Diminishing Returns: prospects that have struggled the most in 2013

With the All-Star games quickly approaching, it’s time to look at the prospects that have faltered the most during the first half of the 2013 season. Prospects listed below were previously ranked in the Top 150 and have not played in the big leagues this season.

 

Bubba Starling, CF, Kansas City Royals — Previous Rank #32

The talent is undeniable for Starling, the fifth pick in 2011, but the problem as I alluded to prior to the season is his ability, or lack thereof, to consistently put the ball in play. After posting a K-rate just over 30% last season, he’s improved upon that total slightly (27.5%) while being bumped up to A-ball. Overall, he’s hitting .230/.308/.383, though he’s shown slight improvements after undergoing Lasik surgery.

 

Billy Hamilton, CF, Cincinnati Reds — Previous Rank #39

Already bested his previous career high in homeruns, Hamilton’s production has taken a noticeable step backward during his debut in Triple-A. Through 76 games he’s hitting .247/.302/.343, and according to Weighted Runs Created Plus, his total production has been 25% worse than the league average. He’s still running (48 stolen bases in 57 attempts), but there’s some serious concern about his hit tool.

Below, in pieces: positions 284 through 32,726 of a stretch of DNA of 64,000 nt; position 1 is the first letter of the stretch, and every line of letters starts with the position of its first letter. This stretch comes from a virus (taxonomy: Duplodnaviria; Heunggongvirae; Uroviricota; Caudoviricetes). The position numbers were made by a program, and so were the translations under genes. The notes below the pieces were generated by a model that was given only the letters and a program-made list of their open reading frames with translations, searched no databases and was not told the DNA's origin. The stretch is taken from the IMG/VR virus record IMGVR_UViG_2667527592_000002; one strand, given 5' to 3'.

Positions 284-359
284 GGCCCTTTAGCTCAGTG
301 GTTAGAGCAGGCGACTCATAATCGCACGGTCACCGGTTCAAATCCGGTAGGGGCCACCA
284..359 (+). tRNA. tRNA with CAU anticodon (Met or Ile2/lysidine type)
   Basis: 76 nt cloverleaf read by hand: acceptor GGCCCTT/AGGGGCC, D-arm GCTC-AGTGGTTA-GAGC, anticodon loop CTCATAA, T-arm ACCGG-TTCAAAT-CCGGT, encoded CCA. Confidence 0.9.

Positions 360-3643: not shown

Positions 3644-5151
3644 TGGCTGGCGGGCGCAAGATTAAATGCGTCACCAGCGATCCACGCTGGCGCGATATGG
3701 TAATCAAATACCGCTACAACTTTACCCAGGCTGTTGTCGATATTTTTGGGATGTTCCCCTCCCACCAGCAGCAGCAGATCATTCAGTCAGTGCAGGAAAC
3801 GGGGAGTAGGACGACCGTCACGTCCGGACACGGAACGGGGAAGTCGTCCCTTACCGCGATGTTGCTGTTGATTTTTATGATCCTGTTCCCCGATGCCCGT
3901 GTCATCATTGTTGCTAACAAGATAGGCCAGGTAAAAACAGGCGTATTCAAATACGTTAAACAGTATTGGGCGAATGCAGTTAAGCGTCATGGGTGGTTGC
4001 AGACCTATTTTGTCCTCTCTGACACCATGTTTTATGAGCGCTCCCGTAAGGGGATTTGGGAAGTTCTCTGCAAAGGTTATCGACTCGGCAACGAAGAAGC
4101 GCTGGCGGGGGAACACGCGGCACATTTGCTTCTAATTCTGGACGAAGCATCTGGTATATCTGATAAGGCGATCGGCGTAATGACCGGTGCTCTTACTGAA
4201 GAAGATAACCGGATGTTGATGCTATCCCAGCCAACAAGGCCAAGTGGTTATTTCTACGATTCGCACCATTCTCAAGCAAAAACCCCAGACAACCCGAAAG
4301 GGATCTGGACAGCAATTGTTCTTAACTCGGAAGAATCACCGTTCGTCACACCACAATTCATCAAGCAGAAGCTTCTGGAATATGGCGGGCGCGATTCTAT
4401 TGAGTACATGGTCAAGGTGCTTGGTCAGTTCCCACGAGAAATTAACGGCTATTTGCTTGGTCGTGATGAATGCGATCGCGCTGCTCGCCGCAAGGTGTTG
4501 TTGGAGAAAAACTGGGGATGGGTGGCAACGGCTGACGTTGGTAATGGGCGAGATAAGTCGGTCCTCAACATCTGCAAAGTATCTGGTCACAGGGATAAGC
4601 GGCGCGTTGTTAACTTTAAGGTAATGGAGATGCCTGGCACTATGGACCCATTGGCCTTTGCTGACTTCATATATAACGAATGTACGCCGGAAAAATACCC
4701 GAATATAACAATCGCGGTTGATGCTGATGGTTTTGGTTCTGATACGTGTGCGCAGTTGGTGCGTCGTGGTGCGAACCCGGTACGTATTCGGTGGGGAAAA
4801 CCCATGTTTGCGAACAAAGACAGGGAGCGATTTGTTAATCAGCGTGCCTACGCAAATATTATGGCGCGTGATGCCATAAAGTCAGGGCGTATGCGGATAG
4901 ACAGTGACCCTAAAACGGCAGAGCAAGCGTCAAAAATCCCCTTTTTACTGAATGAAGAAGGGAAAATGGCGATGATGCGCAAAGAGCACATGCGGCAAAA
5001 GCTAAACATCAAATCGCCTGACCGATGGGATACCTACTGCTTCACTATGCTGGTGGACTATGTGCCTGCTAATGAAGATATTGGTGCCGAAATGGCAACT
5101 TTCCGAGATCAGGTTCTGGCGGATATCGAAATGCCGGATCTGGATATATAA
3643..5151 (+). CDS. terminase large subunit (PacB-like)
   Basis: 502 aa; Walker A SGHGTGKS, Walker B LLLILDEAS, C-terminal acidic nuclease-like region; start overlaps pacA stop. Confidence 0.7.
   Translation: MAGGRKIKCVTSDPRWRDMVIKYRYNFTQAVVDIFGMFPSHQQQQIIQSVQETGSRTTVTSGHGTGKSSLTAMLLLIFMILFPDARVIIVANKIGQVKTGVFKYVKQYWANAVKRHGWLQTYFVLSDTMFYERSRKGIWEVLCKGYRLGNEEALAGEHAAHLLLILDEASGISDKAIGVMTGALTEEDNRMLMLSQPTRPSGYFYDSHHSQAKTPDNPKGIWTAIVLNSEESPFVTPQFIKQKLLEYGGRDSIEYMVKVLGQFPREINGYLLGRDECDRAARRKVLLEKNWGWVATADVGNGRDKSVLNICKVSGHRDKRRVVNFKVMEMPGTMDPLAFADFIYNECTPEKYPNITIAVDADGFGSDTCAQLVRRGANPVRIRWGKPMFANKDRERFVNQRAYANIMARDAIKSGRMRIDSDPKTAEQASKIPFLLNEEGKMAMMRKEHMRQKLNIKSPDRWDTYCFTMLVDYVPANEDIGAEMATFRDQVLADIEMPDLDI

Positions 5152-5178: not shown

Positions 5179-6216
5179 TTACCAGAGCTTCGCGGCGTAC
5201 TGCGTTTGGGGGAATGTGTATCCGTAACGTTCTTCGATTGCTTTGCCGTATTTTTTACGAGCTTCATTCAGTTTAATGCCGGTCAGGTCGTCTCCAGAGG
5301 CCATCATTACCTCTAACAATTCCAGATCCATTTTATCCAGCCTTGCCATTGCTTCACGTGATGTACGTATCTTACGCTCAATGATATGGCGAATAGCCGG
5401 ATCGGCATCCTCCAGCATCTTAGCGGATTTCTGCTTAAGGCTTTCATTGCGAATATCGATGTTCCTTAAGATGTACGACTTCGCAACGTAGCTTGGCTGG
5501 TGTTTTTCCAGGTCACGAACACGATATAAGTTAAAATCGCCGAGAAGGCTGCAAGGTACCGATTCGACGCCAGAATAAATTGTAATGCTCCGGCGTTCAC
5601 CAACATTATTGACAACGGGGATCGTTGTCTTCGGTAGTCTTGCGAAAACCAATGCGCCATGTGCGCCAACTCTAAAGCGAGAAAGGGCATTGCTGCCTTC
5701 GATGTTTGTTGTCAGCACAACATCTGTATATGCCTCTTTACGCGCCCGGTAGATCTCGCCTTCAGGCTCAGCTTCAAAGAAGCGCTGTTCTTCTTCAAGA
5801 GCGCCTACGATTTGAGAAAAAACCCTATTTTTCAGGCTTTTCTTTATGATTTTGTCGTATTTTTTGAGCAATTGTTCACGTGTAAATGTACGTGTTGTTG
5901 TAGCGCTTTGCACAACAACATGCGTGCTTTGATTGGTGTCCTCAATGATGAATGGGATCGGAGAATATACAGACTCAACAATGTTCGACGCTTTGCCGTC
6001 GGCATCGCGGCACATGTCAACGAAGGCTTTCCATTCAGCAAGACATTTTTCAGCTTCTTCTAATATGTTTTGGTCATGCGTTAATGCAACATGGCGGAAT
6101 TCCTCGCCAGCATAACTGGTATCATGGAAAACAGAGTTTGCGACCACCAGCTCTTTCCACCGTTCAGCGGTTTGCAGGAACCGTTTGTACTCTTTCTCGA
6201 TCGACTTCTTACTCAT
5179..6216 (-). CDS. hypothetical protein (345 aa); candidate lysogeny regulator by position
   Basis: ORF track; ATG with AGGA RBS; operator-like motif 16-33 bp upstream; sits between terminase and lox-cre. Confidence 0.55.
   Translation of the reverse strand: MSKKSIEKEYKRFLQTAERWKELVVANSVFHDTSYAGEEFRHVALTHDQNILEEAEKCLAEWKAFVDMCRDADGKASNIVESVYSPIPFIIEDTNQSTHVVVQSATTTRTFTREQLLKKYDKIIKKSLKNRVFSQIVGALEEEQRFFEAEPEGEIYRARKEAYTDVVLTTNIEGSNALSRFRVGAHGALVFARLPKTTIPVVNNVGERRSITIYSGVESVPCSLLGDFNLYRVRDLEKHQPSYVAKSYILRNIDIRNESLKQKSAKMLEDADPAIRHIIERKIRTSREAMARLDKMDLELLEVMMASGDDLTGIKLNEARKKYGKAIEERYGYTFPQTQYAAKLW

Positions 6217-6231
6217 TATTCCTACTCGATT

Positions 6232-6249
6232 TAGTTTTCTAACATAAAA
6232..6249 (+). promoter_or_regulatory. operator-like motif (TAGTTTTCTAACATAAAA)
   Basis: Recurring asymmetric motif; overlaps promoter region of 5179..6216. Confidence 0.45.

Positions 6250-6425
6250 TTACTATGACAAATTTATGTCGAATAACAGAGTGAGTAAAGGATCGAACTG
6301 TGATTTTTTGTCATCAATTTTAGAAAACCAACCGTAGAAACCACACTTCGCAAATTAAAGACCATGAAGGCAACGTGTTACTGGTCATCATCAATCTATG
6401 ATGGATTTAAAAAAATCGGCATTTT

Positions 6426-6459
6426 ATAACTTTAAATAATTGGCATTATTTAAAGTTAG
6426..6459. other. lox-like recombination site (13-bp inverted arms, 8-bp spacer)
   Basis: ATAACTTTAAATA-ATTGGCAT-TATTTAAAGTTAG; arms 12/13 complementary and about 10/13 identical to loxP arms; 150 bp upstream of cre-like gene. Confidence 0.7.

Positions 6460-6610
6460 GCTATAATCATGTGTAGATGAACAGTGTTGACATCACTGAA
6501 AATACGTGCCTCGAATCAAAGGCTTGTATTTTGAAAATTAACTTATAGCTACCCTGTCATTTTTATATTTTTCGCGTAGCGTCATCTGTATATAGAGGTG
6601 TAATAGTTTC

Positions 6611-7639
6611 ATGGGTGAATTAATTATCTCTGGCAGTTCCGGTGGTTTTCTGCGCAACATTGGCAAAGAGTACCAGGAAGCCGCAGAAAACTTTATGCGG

Cody Buckel, RHP, Texas Rangers — Previous Rank #45

After breezing through the lower levels of the minor leagues, Buckel has struggled so mightily early this season that the Rangers opted to send him back to extended Spring Training. Historically, he’s shown a strong feel for the strike zone, but he managed to walk 28 batters in just 9.1 innings this season.

 

Mike Olt, 3B, Texas Rangers — Previous Rank #47

Linked to several teams during the offseason following a breakout year in Double-A (.288/.398/.579), I expressed some reservations about his contact skills saying that he has the potential to become a Three True Outcomes-type hitter. So far this year, Olt’s looked the part (13.2% BB-rate, 32.5% K-rate, .202/.307/.388) except his power has nearly evaporated, taking along any potential trade value.

 

Dorssys Paulino, SS, Cleveland Indians — Previous Rank #57

One of the Indians most successful international signings in recent years, Paulino dominated the Arizona Summer League (.355/.404/.610) and held his own in Low-A (.271/.306/.407) as a 17-year-old last season. The Indians, an organization not known for aggressively pushing prospects, decided to bump the young shortstop to A-ball this season, where he’s hit just .235/.279/.335.

 

Slade Heathcott, CF, New York Yankees — Previous Rank #89

Wrote previously: “Heathcott, like the Cubs’ Brett Jackson, has all the tools to develop into something along the lines of an All-Star caliber player, but the strikeout numbers will eventually cap his career to something far less.” He’s hitting .245/.312/.364 while swinging-and-missing nearly 27% of the time thus far.

 

Josh Sale, OF, Tampa Bay Rays — Previous Rank #99

An immature idiot whose unacceptable social media posts have forced the organization to suspend him, Sale has yet to play one game this season. Oh, yeah, he was also suspended 50 games for drugs (methamphetamine and amphetamine). Stupid.